It’s thus the expectations of mommy blogs that Predictim is built on, and that, if it is successful, future babysitters must live up to.
“The black woman being overly penalized—it could be the case that the algorithm learns to associate types of speech associated with black individuals, even if the speech isn’t disrespectful,” Kristian Lum tells me. Dr. Lum is the lead statistician at the Human Rights Data Analysis Group, and has published work in the prestigious journal Nature concluding that “machine-learning algorithms trained with data that encode human bias will reproduce, not eliminate, the bias.”
Lum says she isn’t familiar with Predictim’s system in particular, and to take her commentary with a grain of salt. But basically, a system like Predictim’s is only as good as the data that it’s trained on, and those systems are often loaded with bias.
“Clearly we’re lacking some context here in the way that this is processing these results,” Lum says, “and that’s a best case scenario. A worst case is that it’s tainted with humans labeling black people as disrespectful and that’s getting passed onto the algorithm.”
To be fair, I scanned another friend of mine who is black—someone whose posts are perhaps the most overwhelmingly positive and noncontroversial of anyone on my feed—and he was rated at the lowest risk level. (If he wasn’t, it’d be crystal that the thing was racist.)
And Parsa, who is Afghan, says that he has experienced a lifetime of racism himself, and even changed his name from a more overtly Muslim name because he couldn’t get prospective employers to return his calls despite having top notch grades and a college degree. He is sensitive to racism, in other words, and says he made an effort to ensure Predictim is not. Parsa and Simonoff insist that their system, while not perfect, can detect nuances and avoid bias.
“We made sure to train our AI model to be completely ethical and not biased,” Parsa says. “We made sure our program, our software, our machine, as people call it, can understand sarcasm or jokes.”
“It doesn’t understand my sarcasm,” Kianah texts me. I’ve filled her in on the saga thus far, and shared with her the posts Predictim flagged. “Lol so strange. I wonder if this will become a big part of job screening in the future.”
She says she’s not surprised her social media accounts would be interpreted in a negative way, or that bias might infect such a program. “I think systems have the same prejudice that their creators do,” she writes. Still, she’s not happy about it.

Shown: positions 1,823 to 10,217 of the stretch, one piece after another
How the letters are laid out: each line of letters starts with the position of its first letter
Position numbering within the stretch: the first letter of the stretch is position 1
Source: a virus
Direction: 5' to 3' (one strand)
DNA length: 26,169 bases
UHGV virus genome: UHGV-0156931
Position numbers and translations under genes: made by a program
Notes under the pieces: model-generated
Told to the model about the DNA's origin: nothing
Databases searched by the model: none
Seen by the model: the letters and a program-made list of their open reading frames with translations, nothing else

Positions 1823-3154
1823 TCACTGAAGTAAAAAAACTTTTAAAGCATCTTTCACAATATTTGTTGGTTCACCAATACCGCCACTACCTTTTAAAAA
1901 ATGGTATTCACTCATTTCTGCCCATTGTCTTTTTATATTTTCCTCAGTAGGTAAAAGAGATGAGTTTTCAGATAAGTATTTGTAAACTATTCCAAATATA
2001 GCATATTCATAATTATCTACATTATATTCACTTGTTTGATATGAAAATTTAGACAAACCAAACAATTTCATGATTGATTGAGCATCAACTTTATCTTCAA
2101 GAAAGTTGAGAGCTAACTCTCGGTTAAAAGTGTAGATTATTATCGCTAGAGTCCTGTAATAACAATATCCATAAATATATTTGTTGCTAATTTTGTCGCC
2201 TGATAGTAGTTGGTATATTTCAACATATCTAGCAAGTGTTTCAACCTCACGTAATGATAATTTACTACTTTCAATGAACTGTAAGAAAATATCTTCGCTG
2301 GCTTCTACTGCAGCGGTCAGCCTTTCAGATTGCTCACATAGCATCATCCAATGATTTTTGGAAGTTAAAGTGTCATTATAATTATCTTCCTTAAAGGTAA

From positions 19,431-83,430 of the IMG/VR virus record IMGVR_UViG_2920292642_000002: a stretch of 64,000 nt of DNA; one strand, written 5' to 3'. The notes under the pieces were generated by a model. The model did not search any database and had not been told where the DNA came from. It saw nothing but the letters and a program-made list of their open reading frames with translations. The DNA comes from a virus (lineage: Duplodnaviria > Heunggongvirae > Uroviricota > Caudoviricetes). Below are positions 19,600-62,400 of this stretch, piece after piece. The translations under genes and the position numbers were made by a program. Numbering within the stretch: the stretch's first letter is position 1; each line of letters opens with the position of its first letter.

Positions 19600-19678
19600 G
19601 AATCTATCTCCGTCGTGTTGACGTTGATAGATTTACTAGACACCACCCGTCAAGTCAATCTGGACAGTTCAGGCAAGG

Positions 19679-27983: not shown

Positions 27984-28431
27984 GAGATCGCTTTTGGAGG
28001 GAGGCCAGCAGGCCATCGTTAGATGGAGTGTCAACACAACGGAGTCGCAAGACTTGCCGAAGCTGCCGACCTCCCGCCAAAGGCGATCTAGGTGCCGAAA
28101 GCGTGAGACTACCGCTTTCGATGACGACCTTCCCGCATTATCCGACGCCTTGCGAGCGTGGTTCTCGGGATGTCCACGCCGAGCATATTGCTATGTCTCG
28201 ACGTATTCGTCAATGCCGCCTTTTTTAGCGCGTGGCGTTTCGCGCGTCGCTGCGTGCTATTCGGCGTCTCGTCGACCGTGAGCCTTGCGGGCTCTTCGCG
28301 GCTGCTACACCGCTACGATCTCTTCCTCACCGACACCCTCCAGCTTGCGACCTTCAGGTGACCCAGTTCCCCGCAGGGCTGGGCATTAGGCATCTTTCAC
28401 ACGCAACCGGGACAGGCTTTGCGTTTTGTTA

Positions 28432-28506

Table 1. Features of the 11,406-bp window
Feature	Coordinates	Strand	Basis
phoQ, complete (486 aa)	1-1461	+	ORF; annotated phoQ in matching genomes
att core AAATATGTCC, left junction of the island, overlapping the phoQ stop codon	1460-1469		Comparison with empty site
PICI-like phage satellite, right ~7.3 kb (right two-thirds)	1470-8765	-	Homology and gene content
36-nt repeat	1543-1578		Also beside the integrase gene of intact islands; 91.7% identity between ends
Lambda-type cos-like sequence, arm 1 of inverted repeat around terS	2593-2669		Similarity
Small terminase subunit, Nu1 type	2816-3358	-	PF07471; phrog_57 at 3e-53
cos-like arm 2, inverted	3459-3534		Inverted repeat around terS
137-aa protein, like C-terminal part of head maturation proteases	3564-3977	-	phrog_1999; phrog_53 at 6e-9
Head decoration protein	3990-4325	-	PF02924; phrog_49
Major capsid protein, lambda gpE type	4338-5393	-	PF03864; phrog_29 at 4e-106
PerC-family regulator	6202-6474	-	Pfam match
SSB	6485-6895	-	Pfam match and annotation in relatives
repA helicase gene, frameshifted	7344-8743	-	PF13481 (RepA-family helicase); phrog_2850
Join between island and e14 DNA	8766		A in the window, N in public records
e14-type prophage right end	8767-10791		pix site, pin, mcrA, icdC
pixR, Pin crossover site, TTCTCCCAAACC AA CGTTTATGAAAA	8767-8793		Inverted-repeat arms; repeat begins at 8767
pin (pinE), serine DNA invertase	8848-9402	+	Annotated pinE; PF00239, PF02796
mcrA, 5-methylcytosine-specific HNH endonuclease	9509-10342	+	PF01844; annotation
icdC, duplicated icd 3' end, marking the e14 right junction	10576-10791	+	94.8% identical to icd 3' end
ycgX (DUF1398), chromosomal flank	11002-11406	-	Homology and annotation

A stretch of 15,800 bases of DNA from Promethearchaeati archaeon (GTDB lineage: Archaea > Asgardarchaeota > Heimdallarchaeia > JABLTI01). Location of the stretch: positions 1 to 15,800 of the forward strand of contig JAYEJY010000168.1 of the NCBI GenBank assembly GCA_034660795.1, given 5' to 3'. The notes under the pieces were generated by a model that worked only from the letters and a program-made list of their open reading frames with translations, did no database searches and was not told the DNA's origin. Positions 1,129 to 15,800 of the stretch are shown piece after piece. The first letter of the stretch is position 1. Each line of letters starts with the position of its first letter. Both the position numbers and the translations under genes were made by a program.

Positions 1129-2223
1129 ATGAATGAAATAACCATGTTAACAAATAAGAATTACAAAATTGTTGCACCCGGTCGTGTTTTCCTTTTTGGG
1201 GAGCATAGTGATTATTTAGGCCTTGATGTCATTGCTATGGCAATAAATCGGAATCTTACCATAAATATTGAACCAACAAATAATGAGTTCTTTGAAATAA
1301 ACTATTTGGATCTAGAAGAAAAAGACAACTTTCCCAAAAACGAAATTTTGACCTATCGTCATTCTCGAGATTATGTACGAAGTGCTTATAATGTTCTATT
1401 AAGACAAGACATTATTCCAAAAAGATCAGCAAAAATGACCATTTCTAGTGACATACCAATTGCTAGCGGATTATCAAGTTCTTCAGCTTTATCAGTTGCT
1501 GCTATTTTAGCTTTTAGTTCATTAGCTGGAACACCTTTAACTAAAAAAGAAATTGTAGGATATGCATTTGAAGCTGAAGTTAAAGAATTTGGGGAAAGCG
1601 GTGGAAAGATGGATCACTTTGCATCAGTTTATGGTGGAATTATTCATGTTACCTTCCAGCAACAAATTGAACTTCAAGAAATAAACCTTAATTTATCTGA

“It’s deeply unsettling and makes me feel under a microscope,” she says, urging me to share her part in the story. “It has the potential to create an even more hostile world.”
Not only that, but if people actually buy into the system, it would mean she might have difficulty finding work—and so might just about anyone on Twitter using coarse language, or dialect outside of the normalized mainstream.
“Of course it’s concerning,” Dr. Lum says. “The last thing we want is groups of people to have fewer employment opportunities based on data that encodes racial and historical bias.” (Again, noting she hasn’t seen this specific data set.)
Parsa and Simonoff may or may not believe in their mission, though Parsa tells me to Google cases of babysitter abuse, and that reading them nearly made him cry. (There are indeed pages full of horrifying stories of abuse and neglect, though, for perspective, a 2001 US Justice Department bulletin prepared by professors at the Crimes Against Children Research Center at the University of New Hampshire noted that babysitters account for just 4 percent of crimes committed against children, a figure below the rate of complete strangers.)
But it seems rather interesting to me that they swung from helping job applicants weed out and delete their offensive posts to helping moms and caretakers find those offensive posts, and then use them as rationale not to hire people. To me, it feels like a case of technology in search of a problem to solve, and perhaps an unregulated labor market to run rampant in. In fact, a few days into my playing with the site, a warning suddenly appeared over the dashboard:
“Predictim’s [sic] uses publicly available data to help parents decide as to who they want to trust. Predictim does not provide private investigator services or consumer reports, and is not a consumer reporting agency per the Fair Credit Reporting Act. You may not use our site or service or the information provided to make decisions about employment, admission, consumer credit, insurance, tenant screening or any other purpose that would require FCRA compliance.”